Inflammation, the first line of defense against injury or infection, refers to the initial physiological response to tissue damage. Inflammation can divide into two types based on the time of the process that responds to the injurious cause, including acute inflammation and chronic inflammation. Acute inflammation which occurs immediately after injury and lasts for few days, and is characterized by exudative lesions, with inflammatory cell infiltration dominated by granulocytes. Chronic inflammation that may last for months or even years when acute inflammation fails to settle , and its inflammatory cell infiltration is dominated by macrophages and lymphocytes. Here, we focus on the acute inflammation.
1. What are the Types of Acute Inflammation?
Acute inflammation begins within seconds to minutes following injury to tissues. It is usually characterized by four key features, including redness, heat, swelling and pain. Redness results from secondary to vasodilatation and increased blood flow. Heat is caused by localized increase in temperature, and also due to increased blood flow. Swelling results from increased vessel permeability and allows fluid loss into the interstitial space. Pain is caused by stimulation of the local nerve endings, from mechanical and chemical mediators.
Due to the difference of inflammatory factors, the degree of tissue reaction and the different sites of inflammation, the pathological form of acute inflammation is also different. According to the main components of exudate, acute inflammation is divided into four types, including serous inflammation, fibrinous inflammation, purulent inflammation and hemorrhagic inflammation. The differences of these four types of acute inflammation are shown as follows:
||Prevalent disease or location
- The main component of the serous exudation is serum;
- It can cause effusion in the chest cavity, pericardium, joints, and abdominal cavity;
- It is mild and easy to subside.
|Mucosa, serosa, loose connective tissue
- It is dominated by fibrinogen exudation and the formation of cellulose in the inflammation focus;
- The blood vessel wall is severely damaged, and the vascular permeability is obviously increased.
|Mucosa, serosa, Lung bacillary dysentery, fluffy heart
||It is characterized by neutrophil exudation, with different degrees of tissue necrosis and pus formation.
||Appendices, skin, subcutaneous, muscle, internal organs, serous membrane, etc.
||It is characterized by severe blood vessel damage, and the exudate contains a large number of red blood cells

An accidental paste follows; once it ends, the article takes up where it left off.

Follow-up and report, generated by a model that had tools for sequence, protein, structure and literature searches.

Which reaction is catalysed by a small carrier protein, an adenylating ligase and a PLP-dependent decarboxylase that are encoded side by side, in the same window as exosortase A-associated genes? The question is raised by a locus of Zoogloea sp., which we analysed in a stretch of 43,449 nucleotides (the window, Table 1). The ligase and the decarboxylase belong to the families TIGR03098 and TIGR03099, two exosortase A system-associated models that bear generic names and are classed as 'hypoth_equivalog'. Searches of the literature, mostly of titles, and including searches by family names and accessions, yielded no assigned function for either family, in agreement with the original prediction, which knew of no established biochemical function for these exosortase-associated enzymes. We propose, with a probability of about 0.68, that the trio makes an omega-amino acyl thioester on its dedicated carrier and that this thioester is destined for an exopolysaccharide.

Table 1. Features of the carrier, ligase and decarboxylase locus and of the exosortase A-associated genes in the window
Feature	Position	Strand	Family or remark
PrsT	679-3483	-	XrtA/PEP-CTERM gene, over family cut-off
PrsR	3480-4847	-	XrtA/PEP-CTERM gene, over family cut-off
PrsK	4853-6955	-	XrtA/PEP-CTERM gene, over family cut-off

||Epidemic hemorrhagic fever, leptospirosis, plague.
2. What are the Stages of Acute Inflammation?
The pathogenesis of acute inflammation occurs progressively through several stages. Firstly, vasculature within and around the site of injury responds by increasing blood flow and enhancing vascular permeability. Secondly, immune cells are recruitment to the vasculature and extravasate into the injured parenchyma. Extravasated immune cells then migrate to the injured cells using gradients of chemotaxis. Once immune cells reach the site of injury they proceed to phagocytose and degrade cellular debris and any microbes which may be present. In this section, we focus on the migration of extravasated immune cells.
The predominant cell of acute inflammation is the neutrophil, which is one type of granulocytes. The migration of neutrophils occurs in four stages, including margination, rolling, adhesion and emigration (Figure 1). Margination refers to cells line up against the endothelium. Rolling means that neutrophils close contact with and roll along the endothelium. Adhesion refers to connect to the endothelial wall. Emigration means that cells move through the vessel wall to the affected area.
Figure 1. The stages of acute inflammation
Once in the region, neutrophils recognize the foreign body and begin phagocytosis, the process whereby the pathogen is engulfed and contained with a phagosome. The phagosome is then destroyed via oxygen-independent or oxygen-dependent mechanisms.
3. Featured Targets Related to Acute Inflammation
CUSABIO lists most related targets of three types of cell involved in acute inflammation, including dendritic cell, granulocyte and monocyte. Moreover, CUSABIO also displays several key targets involved in acute inflammation. Please click to see all the research reagents of them.
● Dendritic Cell
● Acute Phase Proteins
 Hannoodee S, Nasuruddin DN. Acute Inflammatory Response [J]. Treasure Island (FL). 2021 Jan–.